This year I co-taught a hiking class at California Institute of the Arts with another painter. It’s mostly a hiking class. Not everyone is a painter. We talk about geology, patterns in nature, entropy. It becomes very expansive. Studio-based practices can become very closed off and self-centered. We thought this would an opportunity to have students together and discussing things that are important to them, but not insulated.
We are all always on our phones and screens, and the map on our GPS always places us right at the center of our space. Hiking is about going off of that — moving through space so that you are not actually the center of the universe, realizing this thing is larger than us. The idea is to explore so that maybe we can get lost and find out where we are. The hikes are around the school, within half an hour, but there is incredible geology, rock formations, and fossils. It has been developed, but only up to a point, and all of the areas in between are amazing.
JS: Does the landscape play any direct role in the organization or composition of your work?
LD-R: There has always been a relationship to the landscape in my paintings, but not a direct representation of it. I am more interested in a celebration of the event, the careful looking it takes, and the embracement of what that means. I like capturing transformation, movement, shifting color and light, and the rhythm one can achieve while moving or walking.
I want to break with the horizon line so the compositions are more dynamic. Diagonal lines move very quickly — quicker than horizontals. It is the same with shapes. Triangles shoot across the surface compared to squares. Colors can function in the same way.
I often walk through Elysian Park, and I love how a tree can look completely different each time I see it. One day it is orange and the next day it is gray, depending on the light and whether a cloud has moved in front of the sun.
The paintings are about the re-negotiation of space, surface, and touch more than they are about representing a familiar space. I am interested in a complex kind of visual that does not just settle into one way of being read. And that is politically driven.
JS: What do you mean by that? How is that political for you?
LD-R: The idea that beauty and abstraction is the opposite of the political — that kind of thinking—is really problematic for me. And hopefully that’s something that I can communicate as a professor to my students.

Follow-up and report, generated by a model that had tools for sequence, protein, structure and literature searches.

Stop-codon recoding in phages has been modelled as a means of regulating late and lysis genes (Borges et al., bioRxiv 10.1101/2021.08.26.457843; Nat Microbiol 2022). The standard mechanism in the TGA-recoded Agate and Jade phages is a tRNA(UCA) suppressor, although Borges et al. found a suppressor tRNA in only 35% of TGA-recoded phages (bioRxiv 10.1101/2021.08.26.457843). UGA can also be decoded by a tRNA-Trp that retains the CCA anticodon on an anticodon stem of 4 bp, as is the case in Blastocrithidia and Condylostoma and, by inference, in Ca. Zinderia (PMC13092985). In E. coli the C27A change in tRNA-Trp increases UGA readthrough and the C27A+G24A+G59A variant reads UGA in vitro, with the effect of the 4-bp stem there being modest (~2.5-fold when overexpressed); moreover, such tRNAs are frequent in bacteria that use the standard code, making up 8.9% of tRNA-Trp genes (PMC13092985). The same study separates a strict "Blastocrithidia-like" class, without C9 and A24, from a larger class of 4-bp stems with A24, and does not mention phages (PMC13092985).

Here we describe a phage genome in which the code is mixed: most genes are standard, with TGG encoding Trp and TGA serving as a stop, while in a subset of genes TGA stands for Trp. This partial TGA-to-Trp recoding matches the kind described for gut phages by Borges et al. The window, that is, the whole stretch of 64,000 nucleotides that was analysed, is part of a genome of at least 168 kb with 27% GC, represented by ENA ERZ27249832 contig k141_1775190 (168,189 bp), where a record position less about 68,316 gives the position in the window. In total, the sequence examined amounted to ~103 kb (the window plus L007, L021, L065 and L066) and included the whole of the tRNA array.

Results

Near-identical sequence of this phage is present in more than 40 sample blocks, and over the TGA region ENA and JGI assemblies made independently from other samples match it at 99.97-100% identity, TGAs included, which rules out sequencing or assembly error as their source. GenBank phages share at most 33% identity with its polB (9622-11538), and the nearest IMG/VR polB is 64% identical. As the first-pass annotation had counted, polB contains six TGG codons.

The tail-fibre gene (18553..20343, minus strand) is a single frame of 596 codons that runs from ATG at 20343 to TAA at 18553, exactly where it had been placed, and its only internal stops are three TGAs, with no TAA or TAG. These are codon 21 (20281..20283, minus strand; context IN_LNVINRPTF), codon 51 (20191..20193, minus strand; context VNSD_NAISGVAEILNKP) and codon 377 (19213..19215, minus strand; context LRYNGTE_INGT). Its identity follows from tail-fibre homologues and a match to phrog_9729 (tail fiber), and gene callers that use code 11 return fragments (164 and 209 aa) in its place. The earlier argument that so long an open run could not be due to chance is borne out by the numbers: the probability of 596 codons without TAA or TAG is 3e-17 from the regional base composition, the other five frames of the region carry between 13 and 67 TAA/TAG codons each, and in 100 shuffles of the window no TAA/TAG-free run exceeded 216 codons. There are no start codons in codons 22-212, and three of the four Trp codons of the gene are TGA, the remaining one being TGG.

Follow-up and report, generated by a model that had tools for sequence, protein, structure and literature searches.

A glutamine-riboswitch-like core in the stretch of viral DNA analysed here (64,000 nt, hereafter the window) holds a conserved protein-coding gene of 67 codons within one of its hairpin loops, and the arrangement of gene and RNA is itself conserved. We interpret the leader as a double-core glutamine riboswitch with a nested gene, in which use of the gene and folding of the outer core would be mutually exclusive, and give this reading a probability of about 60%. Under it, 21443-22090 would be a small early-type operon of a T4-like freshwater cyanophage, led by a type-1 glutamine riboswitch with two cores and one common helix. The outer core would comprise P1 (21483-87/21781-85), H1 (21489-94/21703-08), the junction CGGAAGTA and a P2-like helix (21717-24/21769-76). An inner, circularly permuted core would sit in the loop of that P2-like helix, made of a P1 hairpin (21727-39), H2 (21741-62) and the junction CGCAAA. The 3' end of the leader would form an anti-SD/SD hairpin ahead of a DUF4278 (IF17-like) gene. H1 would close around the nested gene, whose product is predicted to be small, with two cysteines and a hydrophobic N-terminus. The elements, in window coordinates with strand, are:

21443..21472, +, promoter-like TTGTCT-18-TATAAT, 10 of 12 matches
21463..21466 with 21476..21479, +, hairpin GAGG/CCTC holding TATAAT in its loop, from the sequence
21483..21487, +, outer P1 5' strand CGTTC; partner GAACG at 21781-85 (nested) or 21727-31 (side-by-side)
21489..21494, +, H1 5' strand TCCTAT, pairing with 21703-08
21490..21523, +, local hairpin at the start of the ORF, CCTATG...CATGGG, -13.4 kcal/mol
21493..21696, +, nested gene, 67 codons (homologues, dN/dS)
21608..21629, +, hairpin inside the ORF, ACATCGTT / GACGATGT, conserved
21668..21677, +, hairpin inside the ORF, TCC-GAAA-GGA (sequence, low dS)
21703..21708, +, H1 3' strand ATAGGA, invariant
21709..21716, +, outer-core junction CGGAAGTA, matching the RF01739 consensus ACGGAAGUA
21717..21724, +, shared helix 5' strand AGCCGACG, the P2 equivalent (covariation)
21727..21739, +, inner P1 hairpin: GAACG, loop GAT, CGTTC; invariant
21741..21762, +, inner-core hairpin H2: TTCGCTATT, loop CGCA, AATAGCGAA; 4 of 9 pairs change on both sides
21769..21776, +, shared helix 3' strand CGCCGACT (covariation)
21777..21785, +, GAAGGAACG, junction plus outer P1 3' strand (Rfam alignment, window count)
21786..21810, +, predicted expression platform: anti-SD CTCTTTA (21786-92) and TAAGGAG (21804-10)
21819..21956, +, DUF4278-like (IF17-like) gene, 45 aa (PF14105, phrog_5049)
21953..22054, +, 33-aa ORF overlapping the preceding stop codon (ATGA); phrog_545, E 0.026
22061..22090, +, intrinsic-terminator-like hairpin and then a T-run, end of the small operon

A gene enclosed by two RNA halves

There is a great article by Linda Besemer, “Abstraction: Politics and Possibilities,” which tells a history of activist artists who make abstract work. She addresses how they spoke about their work, and how abstraction actually began as a political movement.
The money around abstraction changed it; we lost and forgot about abstraction as a political movement. First it was the money that became associated with the New York School. And we are still dealing with it. Owning an abstract painting has become a signifier for having a lot of money. Think about Mad Men — the abstract painting that is installed up in the executive’s office.
JS: It is true that Kandinsky and other pioneers of abstraction saw it as a way to engage a wide audience and build a utopian society. For you, what are the politics of abstraction?
LDR: The ambiguity and the non-hierarchal, fluid compositions are related to an idea about being a human being in the world. It is about being a gay artist and not making work that is directly about that. The freedom to be able to make work that is not directly tied to my identity is important to me.
I think about non-hierarchal environments. That informs how I make work. If one thing is coming forward too much, you have to balance it by making another area a little louder. My paintings are about a constantly shifting balance.
I love architectural spaces that are non-hierarchal and fluid, like Le Corbusier’s Villa Savoye, which is meant to be lived throughout the building: interior–exterior, upstairs–downstairs. The glass creates fluidity, and the green section of the cylindrical structure seems to hover against an otherwise black-and-white space. There is also the Schindler House. Rudolph Schindler had a very utopian idea about what architecture can do. He had complete faith in the aesthetic as carrying political power. That is the story behind his work, and I think he’s incredibly important.
The ideal is not being required to define oneself as one thing or another, in terms of gender or sexual orientation. That is what I mean by ambiguity: something that is not necessarily explained to you right away. I am interested in paintings that allow me the space to have my own interpretation. That’s the kind of work I want to make. It is also the way I want to be treated and read in the world as a human being.